Saturday, December 16, 2006

Waistlines with Helplines

A recommendation by European metabolic researchers to place obesity helpline numbers on clothes for fat people appeared yesterday and caught my attention in part due to the concerns of obesity in England, but mainly due the discriminatory nature of the labels. To me, it is yet another example of government and academics overreaching into the private lives of our patients. Unfortunately, with the world-wide distribution of these stories, it is frightening to think that other government officials might think this is a good idea. With this logic, why stop with labels for the obese? Why not place labels appear on the flies of trousers or the thongs sold at Victoria's Secret that say, "Promiscuity is a high risk behavior and could kill you." Or why not put a warning label inside baseball jerseys that says "Excessive beer consumption can be hazardous to your health?" And staying completely mundane, when was the last time you read your pant or shirt label anyway?

Will such labels change eating behaviors? Doubtful.

I have never met an obese individual who didn't know they were obese. Many of them have very real reasons they are obese, including psychosocial issues that are far more resistant to intervention that any warning label will correct. Some of these people are unhappy, others are indifferent, others eat for nurturance, for others it is a compulsion. Others are just exasperated at their inability to gain control over their situation. Whatever the root cause, the psychodynamics of obesity are too complicated to be solved with garment labels. Do we really think government intervention with "labels" will solve these deep seated and very personal issues? On the contrary, these labels might reinforce the very negative perceptions they intend to help, catalyzing the compulsion still further.

Personal responsibility and real medical and social interventions are needed to battle the obesity epidemic. Socioeconomic stressors also play a significant role. Only improved awareness, education, increased physical education and support programs paired with regular physician follow-up will help guide people to lifestyle modifications that will insure a safe, long-term solution to this problem. There is no quick fix.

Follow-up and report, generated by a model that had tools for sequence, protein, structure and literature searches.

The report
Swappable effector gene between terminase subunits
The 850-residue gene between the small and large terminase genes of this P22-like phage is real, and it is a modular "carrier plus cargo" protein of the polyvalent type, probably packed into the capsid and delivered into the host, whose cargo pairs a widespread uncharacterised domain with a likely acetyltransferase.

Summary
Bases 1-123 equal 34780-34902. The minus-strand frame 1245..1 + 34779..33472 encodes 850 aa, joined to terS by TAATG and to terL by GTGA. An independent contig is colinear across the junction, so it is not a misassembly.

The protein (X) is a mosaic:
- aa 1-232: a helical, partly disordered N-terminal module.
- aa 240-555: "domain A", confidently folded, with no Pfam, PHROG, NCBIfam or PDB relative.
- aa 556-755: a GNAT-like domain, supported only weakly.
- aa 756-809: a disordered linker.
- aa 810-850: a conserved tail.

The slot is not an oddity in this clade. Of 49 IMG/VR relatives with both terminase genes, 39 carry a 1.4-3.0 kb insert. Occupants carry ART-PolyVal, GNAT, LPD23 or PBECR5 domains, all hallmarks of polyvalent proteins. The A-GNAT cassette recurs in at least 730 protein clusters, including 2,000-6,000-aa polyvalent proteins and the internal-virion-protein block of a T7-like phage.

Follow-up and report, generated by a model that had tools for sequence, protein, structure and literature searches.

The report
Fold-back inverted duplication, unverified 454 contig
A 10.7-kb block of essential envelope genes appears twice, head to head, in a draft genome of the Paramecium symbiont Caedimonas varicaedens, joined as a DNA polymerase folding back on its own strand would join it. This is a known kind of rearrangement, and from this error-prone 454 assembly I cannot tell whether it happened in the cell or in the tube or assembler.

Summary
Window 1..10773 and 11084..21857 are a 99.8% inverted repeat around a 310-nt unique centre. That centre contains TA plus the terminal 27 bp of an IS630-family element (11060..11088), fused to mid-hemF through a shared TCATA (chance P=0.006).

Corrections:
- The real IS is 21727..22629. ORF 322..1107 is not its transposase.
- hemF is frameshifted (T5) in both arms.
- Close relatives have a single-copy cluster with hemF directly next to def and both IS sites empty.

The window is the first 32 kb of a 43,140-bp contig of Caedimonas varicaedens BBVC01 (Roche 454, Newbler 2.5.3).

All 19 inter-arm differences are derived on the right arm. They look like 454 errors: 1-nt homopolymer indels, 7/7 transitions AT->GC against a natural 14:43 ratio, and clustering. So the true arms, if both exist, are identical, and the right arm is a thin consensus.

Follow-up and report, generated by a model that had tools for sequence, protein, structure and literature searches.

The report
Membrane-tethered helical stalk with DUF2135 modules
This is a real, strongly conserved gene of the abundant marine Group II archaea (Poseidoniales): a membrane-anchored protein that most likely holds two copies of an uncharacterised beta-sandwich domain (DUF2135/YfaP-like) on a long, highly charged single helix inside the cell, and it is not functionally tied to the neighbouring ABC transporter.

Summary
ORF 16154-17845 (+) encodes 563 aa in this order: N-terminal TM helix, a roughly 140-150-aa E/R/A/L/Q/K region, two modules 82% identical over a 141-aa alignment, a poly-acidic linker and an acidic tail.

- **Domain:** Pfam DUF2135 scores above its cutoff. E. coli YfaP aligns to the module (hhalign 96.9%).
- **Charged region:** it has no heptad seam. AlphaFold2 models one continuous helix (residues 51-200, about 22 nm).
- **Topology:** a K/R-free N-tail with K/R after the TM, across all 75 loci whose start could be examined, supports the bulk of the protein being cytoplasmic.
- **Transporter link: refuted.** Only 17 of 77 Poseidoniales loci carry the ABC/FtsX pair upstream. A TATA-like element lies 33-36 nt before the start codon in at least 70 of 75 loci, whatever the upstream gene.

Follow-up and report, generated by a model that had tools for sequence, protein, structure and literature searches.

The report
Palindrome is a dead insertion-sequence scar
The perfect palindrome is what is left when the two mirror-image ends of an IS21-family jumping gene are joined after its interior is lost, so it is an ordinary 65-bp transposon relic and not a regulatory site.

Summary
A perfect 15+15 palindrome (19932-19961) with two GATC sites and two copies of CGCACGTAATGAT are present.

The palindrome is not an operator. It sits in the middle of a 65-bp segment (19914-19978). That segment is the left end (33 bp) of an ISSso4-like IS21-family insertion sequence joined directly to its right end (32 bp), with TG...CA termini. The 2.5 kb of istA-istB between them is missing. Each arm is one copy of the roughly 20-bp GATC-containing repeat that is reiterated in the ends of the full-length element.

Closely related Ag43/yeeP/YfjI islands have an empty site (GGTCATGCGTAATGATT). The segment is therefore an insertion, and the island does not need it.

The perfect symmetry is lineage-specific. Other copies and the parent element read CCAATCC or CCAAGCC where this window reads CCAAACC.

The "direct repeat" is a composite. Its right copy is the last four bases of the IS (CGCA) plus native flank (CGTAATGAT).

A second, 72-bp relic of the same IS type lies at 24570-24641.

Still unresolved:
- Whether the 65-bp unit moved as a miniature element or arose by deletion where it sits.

Significant challenges lie ahead for governments and healthcare providers dealing with the obese. For starters, few individuals see mild or even moderate obesity as a health issue - after all, most of us chubby soles feel fine. We (doctors and educators) have done a poor job educating the population regarding what's good and what's bad: mixed messages abound. We make deamons of trans fats, saturated fats, high-sugar content foods, creams, Oreo cookies, and on, and on, and on, while placing soda machines in our schools and feeding high carbohydrate junk at lunchtime in schools. Exercise, although touted, is seldom granted time to perform in workplaces fixated on productivity. The relentless buzz regarding low-carbohydrate diets, sugar-free diets, and others becomes background noise: blah, blah, blah. They've heard it all, and nothing works for them.

But there are success stories. Some people really do lose weight. Some really do lose their diabetes, hypertension, and chronically painful joints. But most of these successes are due to active intervention by family members, caregivers, and a healthy dose of self-realization of one's situation. Pants labels just aren't in the mix here. Only when each of us takes responsibility, doctors and patients alike, will there be success in this war on fat.


1 comment:

Anonymous said...

Well Done, Dr. Wes.

This was also my first reaction to this plan of putting a "message" to the overweight on labels of clothing. How could this do good? All it will do is to reinforce the perception of failure on the part of the overweight. It seems to me that this is just a way of sneering at the overweight.

Working in practice, those who really lose weight are not those who are beaten over the head. There seems to be something that finally clicks inside them and they "just do what I have known all along." Most overweight people know the problem and are aware of the solution. It is naive to think that telling them again will get them to lose weight. We need to find the emotional keys for our patients that can unlock this, not just give them another reason to loathe themselves.

The key, as you say, is for the patient to take that responsibility instead of blaming others. The only way to change is to change. People want change to happen to them and not to make the change themselves.